Because the track record of the typical entrepreneur isn’t very good — with half of all start-ups failing to live five years and many of the surviving businesses generating low profits — providing entrepreneurs with valuable feedback about their business ideas might help them become more successful, or at least recognize the risks they are taking before it’s too late.
On the other hand, becoming an entrepreneur is very much about one’s dreams.
Mr Shane advises following the Silver Rule: Offer your opinion on request only.
Is there a committee which reads all the books in the library in search of the dangerous sleepers, or is there an army of single, diligent and damaged souls who haphazardly take out a seemingly innocent book about wallflowers and discover dirty realism on every page? Books aren’t just dangerous, they’re scary. They have words secreted in them, tens of thousands of them, and there are millions of books, filled with words, billions and billions of words climbing the walls, and you really can’t oversee everything. You lie awake fretting with the counting of all those words lurking and working and know that you’ll never catch them all. A library, I now see, must be a terrifying place to some people.
One imagines Esquire making a big to-do about such a “map” back, say, in 1970. Playboy, in fact, used to cite outstanding pop musicians, annually, with a relatively elaborate graphic component. But nowadays, there’s probably an app for that — with a corresponding low-key receptor in everybody’s head.
Irish opinion is thought to have swung behind the “Yes” vote this time because of the severity of the economic downturn, as well as the legal “guarantees” on Irish sovereignty that the EU pledged after the first referendum.
The legally binding “guarantees” state that Lisbon will not affect key areas of Irish sovereignty, such as taxation, military neutrality and family matters such as abortion – significant issues in last year’s campaign in Ireland. But they have not yet been attached to the treaty.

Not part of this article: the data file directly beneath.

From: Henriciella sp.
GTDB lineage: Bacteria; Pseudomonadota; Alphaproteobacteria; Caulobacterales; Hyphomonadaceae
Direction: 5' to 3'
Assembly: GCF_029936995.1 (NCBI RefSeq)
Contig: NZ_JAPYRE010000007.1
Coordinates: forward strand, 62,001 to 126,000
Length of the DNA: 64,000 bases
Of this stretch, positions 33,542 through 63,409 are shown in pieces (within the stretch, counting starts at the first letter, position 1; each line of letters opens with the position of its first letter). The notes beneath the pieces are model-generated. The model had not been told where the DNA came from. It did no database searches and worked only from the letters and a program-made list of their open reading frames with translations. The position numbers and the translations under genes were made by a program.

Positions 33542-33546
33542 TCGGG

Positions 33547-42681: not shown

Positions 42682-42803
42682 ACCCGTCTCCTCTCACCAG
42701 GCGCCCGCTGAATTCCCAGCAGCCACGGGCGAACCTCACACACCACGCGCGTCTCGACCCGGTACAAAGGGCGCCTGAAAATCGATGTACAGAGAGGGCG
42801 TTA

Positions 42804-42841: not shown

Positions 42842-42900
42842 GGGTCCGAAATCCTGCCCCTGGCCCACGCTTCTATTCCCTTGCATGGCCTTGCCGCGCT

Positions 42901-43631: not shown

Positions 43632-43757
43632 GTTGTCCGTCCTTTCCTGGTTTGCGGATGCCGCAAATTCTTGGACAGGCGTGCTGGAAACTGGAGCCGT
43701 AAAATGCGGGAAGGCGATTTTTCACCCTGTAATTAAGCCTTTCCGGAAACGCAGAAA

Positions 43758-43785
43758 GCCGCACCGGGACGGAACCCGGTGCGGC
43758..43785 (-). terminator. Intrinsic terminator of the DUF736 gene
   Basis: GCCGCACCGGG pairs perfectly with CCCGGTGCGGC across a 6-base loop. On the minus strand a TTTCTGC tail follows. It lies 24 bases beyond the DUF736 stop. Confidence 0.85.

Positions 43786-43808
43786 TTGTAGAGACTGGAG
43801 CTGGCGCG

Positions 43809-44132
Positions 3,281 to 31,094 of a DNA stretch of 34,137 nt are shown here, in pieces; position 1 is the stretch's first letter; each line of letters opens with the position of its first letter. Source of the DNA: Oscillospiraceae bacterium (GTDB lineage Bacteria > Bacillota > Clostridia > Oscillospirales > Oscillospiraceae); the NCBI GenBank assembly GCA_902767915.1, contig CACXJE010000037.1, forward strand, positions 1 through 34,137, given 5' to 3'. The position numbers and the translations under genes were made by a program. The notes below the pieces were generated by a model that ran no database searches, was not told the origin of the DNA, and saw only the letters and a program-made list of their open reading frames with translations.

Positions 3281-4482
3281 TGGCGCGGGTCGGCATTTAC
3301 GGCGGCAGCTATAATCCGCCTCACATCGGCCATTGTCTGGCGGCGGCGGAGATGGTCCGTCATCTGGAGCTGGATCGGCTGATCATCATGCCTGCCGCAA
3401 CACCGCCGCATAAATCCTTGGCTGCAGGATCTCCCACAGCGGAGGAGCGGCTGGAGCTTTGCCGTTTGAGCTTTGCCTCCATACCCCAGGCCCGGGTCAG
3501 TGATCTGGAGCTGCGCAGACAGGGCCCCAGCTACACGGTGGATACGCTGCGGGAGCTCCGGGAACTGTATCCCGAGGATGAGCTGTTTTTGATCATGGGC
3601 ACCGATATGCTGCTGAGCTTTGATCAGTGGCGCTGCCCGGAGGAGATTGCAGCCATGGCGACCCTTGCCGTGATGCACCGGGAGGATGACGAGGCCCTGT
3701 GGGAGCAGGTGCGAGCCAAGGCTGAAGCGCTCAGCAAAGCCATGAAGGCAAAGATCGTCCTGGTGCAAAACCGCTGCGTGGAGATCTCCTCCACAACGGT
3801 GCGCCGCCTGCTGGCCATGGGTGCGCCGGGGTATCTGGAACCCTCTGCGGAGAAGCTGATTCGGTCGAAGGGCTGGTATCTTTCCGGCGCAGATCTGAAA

Yet the readership of Poe the writer seems to be shrinking. For a couple of decades, the 1938 edition of The Complete Tales and Poems (which included a few of Poe’s critical essays), with an introduction by Hervey Allen, was the standard Poe at 1,028 pages. (It was reprinted in 1965 and sold for $3.95, the edition my mother bought for me on my birthday.) In 1971 Modern Library replaced that with Selected Poetry and Prose (also with the critical essays and 23 pages of notes by T.O. Mabbott), which checked in at 428 pages. There was a 1992 reprint of The Complete Tales and Poems, but most editions since then have been far slimmer: in 2006 Modern Library issued a 160-page edition of the Inspector Dupin tales with an introduction by Matthew Pearl, and the next year saw a new edition of Poe’s novella, The Narrative of Arthur Gordon Pym.
It occurs to us that Poe may be the first Young Adult writer.